if (echoInterface)
                 return true;

     return false;

Access to plugins at run-time is provided by QPluginLoader. You supply it with the filename of the shared library the plugin is stored in and call instance(), which loads and returns the root component of the plugin (i.e., it resolves the type of the plugin and creates a QObject instance of it). If the plugin was not successfully loaded, it will be null, so we return false. If it was loaded correctly, we can cast the plugin to our EchoInterface and return true. In the case that the plugin loaded does not implement the EchoInterface, instance() will return null, but this cannot happen in our example. Notice that the location of the plugin is not the same for all platforms.

EchoInterface Class Definition

The EchoInterface defines the functions that the plugin will provide. An interface is a class that only consists of pure virtual functions. If non virtual functions were present in the class you would get misleading compile errors in the moc files.

 class EchoInterface
     virtual ~EchoInterface() {}
     virtual QString echo(const QString &message) = 0;


We declare echo(). In our EchoPlugin we use this method to return, or echo, message.

We use the Q_DECLARE_INTERFACE macro to let Qt's meta object system aware of the interface. We do this so that it will be possible to identify plugins that implements the interface at run-time. The second argument is a string that must identify the interface in a unique way.

EchoPlugin Class Definition

We inherit both QObject and EchoInterface to make this class a plugin. The Q_INTERFACES macro tells Qt which interfaces the class implements. In our case we only implement the EchoInterface. If a class implements more than one interface, they are given as a comma separated list.

 class EchoPlugin : public QObject, EchoInterface

     QString echo(const QString &message);

EchoPlugin Class Implementation

Here is the implementation of echo():

 QString EchoPlugin::echo(const QString &message)
     return message;

We simply return the functions parameter.

 Q_EXPORT_PLUGIN2(echoplugin, EchoPlugin);

We use the Q_EXPORT_PLUGIN2 macro to let Qt know that the EchoPlugin class is a plugin. The first parameter is the name of the plugin; it is usual to give the plugin and the library file it is stored in the same name.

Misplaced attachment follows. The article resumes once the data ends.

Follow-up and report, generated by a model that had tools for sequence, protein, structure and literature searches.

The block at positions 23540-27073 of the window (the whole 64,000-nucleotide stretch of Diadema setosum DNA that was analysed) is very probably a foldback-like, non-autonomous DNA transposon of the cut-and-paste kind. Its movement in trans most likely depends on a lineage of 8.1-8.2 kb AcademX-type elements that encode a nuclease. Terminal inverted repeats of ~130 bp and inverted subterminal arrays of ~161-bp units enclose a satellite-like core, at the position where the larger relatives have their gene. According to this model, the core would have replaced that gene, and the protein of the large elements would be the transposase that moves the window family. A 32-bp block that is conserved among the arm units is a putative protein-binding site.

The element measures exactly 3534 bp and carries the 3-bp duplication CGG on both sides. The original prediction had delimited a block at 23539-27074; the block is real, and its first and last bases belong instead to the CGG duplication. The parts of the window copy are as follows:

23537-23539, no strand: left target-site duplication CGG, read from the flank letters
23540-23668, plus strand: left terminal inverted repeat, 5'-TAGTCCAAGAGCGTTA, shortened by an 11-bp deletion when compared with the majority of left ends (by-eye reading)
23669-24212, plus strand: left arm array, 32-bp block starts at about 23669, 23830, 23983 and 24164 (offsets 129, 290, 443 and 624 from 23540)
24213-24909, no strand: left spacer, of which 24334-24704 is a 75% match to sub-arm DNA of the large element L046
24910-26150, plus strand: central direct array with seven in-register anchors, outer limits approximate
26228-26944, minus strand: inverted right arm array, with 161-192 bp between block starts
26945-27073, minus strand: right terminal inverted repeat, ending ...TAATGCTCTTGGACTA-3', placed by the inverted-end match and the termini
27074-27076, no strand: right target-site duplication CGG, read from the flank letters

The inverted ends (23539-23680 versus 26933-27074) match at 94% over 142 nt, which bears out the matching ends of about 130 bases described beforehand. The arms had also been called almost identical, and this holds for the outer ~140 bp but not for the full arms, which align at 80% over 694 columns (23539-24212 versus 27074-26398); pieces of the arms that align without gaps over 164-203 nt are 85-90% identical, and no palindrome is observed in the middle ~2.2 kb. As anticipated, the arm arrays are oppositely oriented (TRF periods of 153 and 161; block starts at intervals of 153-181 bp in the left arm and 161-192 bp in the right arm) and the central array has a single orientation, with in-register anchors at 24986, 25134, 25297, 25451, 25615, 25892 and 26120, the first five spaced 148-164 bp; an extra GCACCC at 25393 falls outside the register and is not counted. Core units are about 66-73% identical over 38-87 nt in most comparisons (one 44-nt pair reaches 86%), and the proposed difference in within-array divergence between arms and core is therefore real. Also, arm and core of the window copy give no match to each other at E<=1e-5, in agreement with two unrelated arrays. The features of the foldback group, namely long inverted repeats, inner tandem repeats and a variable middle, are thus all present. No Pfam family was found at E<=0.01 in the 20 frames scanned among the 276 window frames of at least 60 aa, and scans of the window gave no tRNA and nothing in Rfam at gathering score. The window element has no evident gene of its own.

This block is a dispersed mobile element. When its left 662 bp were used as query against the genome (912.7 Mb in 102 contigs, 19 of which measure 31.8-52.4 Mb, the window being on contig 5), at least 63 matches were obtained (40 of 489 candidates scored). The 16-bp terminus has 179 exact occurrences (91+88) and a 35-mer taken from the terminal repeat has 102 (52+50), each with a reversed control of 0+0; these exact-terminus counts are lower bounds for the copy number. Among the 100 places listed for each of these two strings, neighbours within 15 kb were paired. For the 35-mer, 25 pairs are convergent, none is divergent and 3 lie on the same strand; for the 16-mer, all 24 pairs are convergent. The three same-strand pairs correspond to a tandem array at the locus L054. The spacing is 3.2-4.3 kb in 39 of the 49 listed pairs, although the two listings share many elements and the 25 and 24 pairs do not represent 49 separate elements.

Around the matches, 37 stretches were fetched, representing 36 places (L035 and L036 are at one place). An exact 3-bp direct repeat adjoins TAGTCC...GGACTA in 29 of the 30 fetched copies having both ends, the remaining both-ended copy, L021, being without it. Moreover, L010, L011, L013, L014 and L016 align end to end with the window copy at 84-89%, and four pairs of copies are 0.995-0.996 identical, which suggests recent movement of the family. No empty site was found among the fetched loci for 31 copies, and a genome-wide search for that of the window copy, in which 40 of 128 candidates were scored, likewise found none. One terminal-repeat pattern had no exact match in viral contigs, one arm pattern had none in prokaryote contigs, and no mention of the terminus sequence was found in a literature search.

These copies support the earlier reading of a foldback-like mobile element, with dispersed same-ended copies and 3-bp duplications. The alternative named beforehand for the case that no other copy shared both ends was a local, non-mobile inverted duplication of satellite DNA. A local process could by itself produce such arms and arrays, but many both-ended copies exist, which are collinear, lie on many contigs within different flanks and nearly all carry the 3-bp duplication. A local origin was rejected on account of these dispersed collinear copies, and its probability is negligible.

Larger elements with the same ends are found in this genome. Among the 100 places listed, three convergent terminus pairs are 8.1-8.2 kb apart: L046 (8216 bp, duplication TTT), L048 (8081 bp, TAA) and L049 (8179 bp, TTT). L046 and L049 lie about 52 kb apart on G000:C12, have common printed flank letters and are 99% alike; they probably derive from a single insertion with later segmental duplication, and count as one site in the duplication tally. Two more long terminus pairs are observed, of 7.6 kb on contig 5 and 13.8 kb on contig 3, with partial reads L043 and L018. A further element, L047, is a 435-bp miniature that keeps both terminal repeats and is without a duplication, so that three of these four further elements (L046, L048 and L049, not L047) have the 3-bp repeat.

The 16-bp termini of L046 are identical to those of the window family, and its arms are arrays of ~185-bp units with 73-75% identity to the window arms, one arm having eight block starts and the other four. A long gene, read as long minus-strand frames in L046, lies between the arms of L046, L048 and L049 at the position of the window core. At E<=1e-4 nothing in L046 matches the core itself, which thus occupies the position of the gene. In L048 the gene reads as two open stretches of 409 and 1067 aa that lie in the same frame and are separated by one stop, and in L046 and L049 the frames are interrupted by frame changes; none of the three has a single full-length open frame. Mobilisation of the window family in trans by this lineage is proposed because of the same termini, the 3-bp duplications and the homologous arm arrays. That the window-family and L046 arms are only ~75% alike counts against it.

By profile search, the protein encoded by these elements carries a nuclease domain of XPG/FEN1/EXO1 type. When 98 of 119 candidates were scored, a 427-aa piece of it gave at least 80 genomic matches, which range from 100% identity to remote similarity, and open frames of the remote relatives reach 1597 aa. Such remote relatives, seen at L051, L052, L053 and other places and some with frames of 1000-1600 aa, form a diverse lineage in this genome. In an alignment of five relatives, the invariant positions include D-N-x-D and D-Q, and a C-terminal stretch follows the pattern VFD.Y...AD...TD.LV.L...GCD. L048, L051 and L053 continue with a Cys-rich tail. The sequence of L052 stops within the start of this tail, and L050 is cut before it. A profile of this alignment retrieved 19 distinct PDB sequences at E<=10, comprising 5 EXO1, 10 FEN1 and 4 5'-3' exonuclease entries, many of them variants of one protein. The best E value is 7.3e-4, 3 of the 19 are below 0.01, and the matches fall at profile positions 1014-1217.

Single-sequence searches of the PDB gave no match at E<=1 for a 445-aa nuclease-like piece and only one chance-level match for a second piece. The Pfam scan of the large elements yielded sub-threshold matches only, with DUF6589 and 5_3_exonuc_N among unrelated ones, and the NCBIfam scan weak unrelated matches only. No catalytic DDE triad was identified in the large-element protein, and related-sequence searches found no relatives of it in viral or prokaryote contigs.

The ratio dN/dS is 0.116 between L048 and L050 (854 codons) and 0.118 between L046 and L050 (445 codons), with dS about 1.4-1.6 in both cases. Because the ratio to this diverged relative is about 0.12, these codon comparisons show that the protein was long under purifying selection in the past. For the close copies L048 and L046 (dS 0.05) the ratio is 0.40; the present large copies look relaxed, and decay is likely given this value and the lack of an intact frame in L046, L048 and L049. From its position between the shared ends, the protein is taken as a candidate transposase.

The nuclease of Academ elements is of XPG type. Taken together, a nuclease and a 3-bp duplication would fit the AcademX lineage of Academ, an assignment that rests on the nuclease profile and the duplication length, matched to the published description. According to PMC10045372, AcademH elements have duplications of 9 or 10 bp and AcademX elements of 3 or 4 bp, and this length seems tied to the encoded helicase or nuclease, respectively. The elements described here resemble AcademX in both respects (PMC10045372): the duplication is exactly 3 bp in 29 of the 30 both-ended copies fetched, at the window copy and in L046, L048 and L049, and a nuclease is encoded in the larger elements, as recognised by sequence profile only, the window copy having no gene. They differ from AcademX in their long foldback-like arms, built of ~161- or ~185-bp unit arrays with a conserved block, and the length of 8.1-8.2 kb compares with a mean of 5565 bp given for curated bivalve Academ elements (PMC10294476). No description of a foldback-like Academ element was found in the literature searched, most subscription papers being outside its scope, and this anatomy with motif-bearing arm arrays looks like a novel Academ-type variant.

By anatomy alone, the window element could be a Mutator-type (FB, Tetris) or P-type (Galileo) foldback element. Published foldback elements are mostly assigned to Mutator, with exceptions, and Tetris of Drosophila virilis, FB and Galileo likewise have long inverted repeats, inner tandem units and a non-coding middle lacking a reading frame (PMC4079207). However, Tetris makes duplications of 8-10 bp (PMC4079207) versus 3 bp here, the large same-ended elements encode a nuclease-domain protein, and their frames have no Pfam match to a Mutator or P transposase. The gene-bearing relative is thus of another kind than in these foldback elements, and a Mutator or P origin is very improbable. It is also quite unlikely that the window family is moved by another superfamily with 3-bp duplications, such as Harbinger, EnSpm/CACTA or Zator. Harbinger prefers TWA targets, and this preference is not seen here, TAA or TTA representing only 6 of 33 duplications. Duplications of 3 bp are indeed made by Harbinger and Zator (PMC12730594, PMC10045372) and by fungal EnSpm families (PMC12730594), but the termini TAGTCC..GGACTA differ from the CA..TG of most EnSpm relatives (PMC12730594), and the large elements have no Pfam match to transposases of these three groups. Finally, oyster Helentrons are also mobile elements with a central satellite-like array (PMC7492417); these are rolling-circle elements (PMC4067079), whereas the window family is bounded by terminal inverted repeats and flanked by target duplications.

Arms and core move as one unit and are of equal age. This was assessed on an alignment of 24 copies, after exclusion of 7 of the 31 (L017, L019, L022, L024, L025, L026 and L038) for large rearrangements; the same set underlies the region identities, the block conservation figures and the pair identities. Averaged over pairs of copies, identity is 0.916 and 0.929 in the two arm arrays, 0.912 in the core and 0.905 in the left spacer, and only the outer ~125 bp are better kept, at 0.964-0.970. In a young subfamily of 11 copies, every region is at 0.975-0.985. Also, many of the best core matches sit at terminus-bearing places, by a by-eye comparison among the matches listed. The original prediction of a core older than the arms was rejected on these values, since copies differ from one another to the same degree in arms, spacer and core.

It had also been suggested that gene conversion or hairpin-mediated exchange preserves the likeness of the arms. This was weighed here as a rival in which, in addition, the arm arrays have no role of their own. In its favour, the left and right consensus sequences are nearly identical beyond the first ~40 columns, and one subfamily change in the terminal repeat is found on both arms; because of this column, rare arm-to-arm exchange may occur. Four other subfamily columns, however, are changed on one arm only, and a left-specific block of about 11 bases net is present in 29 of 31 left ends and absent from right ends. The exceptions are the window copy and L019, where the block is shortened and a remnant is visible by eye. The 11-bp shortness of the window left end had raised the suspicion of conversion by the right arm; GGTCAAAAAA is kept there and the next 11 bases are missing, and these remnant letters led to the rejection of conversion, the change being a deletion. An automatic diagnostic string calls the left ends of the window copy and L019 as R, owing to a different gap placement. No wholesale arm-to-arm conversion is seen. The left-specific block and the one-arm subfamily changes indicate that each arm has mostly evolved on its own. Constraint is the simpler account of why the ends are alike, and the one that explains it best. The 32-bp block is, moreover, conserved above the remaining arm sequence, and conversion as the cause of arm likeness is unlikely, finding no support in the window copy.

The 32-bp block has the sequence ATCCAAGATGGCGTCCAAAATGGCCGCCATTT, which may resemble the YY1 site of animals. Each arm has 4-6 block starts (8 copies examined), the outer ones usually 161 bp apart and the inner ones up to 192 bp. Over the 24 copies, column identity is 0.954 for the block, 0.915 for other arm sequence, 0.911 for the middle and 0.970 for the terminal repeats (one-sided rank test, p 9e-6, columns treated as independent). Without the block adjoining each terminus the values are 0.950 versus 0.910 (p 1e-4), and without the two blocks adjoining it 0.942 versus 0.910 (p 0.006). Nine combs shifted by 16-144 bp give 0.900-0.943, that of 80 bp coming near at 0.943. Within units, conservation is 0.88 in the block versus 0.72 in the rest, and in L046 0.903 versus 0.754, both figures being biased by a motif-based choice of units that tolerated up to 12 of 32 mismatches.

The main() function

 int main(int argv, char *args[])
     QApplication app(argv, args);

     EchoWindow window;;

     return app.exec();

We create an EchoWindow and display it as a top-level window.

The Profiles

When creating plugins the profiles need to be adjusted. We show here what changes need to be done.

The profile in the echoplugin directory uses the subdirs template and simply includes includes to directories in which the echo window and echo plugin lives:

 TEMPLATE    = subdirs
 SUBDIRS     = echowindow \

The profile for the echo window does not need any plugin specific settings. We move on to the plugin profile:

 TEMPLATE        = lib
 CONFIG         += plugin
 INCLUDEPATH    += ../echowindow
 HEADERS         = echoplugin.h
 SOURCES         = echoplugin.cpp
 TARGET          = $$qtLibraryTarget(echoplugin)
 DESTDIR         = ../plugins

We need to set the TEMPLATE as we now want to make a library instead of an executable. We also need to tell qmake that we are creating a plugin. The EchoInterface that the plugin implements lives in the echowindow directory, so we need to add that directory to the include path. We set the TARGET of the project, which is the name of the library file in which the plugin will be stored; qmake appends the appropriate file extension depending on the platform. By convention the target should have the same name as the plugin (set with Q_EXPORT_PLUGIN2)

Further reading and examples

You can find an overview of the macros needed to create plugins here.

We give an example of a plugin that extend Qt in the style plugin example. The plug and paint example shows how to create static plugins.